Teachers returning to Nebraska classrooms this month will have a new tool they can use to create multimedia lessons for students, state officials said Wednesday.
LINCOLN, Neb. (AP) - Gov. Dave Heineman announced that the Nebraska Virtual Library system is now online and ready to use. The library offers more than 20,000 digital resources, including video, audio and interactive programs, free to students and teachers.
The site is part of a larger, statewide educational initiative announced last year. The Nebraska Virtual Partnership was formed to serve students from preschool through college, emphasizing science, technology, engineering and math.
The library contains resources from the Library of Congress, National Archives, PBS NewsHour, NOVA, American Experience, Electric Company and SciGirls.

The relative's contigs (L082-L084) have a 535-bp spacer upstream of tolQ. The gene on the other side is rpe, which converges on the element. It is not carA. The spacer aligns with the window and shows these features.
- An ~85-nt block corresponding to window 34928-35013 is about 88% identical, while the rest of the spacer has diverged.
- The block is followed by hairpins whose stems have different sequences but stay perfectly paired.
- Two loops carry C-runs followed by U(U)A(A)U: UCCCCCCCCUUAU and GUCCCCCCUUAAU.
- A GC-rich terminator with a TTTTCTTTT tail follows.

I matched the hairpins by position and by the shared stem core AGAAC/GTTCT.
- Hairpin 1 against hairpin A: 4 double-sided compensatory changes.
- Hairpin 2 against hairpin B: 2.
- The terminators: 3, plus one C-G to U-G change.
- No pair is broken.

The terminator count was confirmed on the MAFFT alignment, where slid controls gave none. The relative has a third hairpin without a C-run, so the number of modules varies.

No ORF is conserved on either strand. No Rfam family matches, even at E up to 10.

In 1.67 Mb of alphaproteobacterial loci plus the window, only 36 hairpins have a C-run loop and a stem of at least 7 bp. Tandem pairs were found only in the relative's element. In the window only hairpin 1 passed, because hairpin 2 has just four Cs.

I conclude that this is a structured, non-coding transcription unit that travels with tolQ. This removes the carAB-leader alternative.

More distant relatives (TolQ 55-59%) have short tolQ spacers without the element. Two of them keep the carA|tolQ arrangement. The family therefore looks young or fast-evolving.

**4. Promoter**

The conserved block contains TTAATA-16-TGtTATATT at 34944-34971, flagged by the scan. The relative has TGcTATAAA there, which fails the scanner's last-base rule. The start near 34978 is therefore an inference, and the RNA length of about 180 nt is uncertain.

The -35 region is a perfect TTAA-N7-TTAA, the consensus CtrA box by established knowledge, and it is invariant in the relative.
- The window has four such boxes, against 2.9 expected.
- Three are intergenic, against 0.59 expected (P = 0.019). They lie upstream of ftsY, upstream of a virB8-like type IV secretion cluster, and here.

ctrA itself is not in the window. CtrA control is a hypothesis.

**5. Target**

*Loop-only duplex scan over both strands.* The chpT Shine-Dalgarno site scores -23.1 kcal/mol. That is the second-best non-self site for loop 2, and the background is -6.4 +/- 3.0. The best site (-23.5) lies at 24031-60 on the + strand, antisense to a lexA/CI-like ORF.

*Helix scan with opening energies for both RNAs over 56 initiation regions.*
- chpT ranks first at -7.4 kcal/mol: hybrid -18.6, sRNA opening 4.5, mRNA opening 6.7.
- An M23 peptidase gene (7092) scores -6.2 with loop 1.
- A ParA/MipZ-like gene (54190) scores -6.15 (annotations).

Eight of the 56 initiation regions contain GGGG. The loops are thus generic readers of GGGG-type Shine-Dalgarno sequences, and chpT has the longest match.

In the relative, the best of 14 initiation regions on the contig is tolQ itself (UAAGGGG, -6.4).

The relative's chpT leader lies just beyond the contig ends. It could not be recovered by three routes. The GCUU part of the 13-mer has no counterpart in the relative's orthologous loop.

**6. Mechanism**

"This is a significant step forward for the future of education in Nebraska," Heineman said. "The Virtual Library will provide Nebraska teachers and students with enhanced digital resources to enrich teaching and learning."
The site is run by Nebraska Educational Telecommunications and paid for with NET membership dues. NET General Manager Rod Bates said the site may develop in a way that lets educators share their own content with other teachers.
Nebraska Commissioner of Education Roger Breed said the site blends content with visual images to strengthen classroom lessons.
"I tried it out last night," Breed said. He then joked: "If this was around when I was an eighth-grade teacher back in 1970, my students might actually have learned something about history."
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